What do you think? Could you tell what the stories are about? Do they grab you? Any suggestions for improvement? What are your first paragraphs?


The new IWSG Day Feature is a question we all should try to answer in our posts. The question for the July 6 posts: What’s the best thing someone has ever said about your writing?

Not easy to answer, because a) not many praise my writing, and b) no praise is actually better than another. But here is one of the most recent. As you can see above, Perihelion SF has published my short story Gift of Nibelung. In our email exchange, the editor, Sam Bellotto, wrote: “Thank you for sending us such great stories. :-)”

I smiled for several hours after I received his email.




This entry was posted in Insecure Writer's Support Group, Olga Godim, Writing and tagged , , , . Bookmark the permalink.

17 Responses to First sentence or first paragraph

  1. Liesel Hill says:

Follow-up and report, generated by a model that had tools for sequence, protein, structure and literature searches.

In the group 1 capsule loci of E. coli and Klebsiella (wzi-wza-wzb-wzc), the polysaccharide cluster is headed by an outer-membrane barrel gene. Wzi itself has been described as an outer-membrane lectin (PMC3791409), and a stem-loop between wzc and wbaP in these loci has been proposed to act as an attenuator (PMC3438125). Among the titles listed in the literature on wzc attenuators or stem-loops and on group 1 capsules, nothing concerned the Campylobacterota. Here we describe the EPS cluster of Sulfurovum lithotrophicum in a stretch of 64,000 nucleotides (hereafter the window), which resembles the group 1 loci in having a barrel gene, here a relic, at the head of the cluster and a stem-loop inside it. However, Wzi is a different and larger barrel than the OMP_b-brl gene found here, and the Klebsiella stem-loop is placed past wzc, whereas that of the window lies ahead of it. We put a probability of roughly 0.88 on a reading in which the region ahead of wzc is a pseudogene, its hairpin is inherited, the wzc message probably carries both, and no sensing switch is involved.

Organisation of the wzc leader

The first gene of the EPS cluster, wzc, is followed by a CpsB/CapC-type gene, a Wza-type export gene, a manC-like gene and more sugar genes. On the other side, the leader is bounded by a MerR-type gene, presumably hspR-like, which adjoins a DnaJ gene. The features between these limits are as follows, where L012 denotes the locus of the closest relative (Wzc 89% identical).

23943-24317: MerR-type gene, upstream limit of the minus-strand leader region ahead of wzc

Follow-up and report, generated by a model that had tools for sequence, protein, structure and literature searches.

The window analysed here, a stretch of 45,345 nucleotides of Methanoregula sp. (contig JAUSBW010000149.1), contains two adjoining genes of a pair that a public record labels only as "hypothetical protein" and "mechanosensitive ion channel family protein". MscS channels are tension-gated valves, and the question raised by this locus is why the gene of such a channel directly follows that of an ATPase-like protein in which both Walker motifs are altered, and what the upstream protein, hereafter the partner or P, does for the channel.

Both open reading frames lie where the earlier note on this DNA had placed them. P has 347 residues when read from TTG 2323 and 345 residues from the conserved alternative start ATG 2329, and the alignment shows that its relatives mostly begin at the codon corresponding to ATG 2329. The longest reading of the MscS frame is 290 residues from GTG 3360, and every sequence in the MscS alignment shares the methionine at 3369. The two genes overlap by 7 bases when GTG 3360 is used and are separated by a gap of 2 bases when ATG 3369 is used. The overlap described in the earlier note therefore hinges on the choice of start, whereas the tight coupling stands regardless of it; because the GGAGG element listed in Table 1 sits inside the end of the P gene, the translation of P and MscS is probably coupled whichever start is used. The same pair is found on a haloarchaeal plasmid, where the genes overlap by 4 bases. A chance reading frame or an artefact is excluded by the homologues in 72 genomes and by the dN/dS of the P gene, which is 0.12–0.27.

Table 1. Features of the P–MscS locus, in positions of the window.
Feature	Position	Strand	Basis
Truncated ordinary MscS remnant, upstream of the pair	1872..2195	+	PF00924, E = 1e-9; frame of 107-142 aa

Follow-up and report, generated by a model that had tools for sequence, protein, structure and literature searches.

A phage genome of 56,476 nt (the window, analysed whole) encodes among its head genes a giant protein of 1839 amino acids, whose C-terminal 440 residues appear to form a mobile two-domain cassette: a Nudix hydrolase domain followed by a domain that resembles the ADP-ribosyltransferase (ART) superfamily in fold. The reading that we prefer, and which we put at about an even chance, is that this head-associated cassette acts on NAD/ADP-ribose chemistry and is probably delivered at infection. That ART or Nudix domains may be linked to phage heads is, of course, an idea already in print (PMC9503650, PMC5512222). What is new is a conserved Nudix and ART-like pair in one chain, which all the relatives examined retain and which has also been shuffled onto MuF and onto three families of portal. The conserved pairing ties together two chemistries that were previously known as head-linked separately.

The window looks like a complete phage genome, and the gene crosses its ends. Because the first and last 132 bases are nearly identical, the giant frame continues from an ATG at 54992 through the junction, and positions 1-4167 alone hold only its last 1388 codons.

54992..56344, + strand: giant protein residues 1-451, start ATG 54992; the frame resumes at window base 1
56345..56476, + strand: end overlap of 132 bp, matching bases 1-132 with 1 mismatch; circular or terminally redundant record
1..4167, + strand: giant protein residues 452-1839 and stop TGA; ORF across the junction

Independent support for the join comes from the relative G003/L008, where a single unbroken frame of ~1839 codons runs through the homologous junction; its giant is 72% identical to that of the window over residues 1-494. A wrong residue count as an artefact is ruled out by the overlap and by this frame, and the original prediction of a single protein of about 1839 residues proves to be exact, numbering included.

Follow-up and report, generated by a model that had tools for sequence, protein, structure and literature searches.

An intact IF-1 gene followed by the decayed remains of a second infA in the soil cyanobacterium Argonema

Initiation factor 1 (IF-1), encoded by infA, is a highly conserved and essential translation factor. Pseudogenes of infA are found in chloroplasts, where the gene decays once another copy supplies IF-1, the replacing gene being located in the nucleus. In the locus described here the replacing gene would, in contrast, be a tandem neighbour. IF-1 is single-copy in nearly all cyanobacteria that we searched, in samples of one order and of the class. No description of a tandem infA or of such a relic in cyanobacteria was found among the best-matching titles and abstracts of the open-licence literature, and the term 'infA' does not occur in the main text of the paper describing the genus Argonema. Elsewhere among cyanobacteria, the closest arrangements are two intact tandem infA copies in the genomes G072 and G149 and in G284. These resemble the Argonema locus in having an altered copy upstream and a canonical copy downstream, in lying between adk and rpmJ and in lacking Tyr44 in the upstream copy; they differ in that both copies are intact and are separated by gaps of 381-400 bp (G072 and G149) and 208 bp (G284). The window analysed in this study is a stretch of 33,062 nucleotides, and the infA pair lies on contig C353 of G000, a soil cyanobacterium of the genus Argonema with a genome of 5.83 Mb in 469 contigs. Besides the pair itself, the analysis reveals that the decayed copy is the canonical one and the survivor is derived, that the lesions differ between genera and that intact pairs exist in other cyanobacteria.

I’m with you. Of course the beginning is VERY important, but I give books more of a chance than most writers do. And I think we, as writers, overlook the fact that as writers we are more critical, especially when it comes to craft things like first sentences, than 99% of readers. How writers read and how readers read can be vastly different.

  2. Loni Townsend says:

    I like to look at first lines. The rest of the paragraph should be good too, but I think the first line typically holds the most weight for me. But a bad first line won’t make me stop reading either.

    I wish I was better at crafting excellent first lines. So far, my personal favorite of mine is from a WIP: At times, alternate worlds could be seriously foul. Or was that fowl? – Murder Most Fowl.

    I like your snippets. They do give a good sense of what’s going on.

  3. HI, Olga,

    You entries are wonderful! Your writing is definitely gripping and pulls you into the story! Well DONE!

    I agree with you. I prefer a story to have a ‘set up’. Seduce me into the story, just don’t Drop me into it heads down…

    All the best with you newest story. I really enjoyed the beginning of Clerk or Hero….

  4. emaginette says:

    Grab wouldn’t be the first word I’d use. I was definitely interested though. 🙂

    Anna from elements of emaginette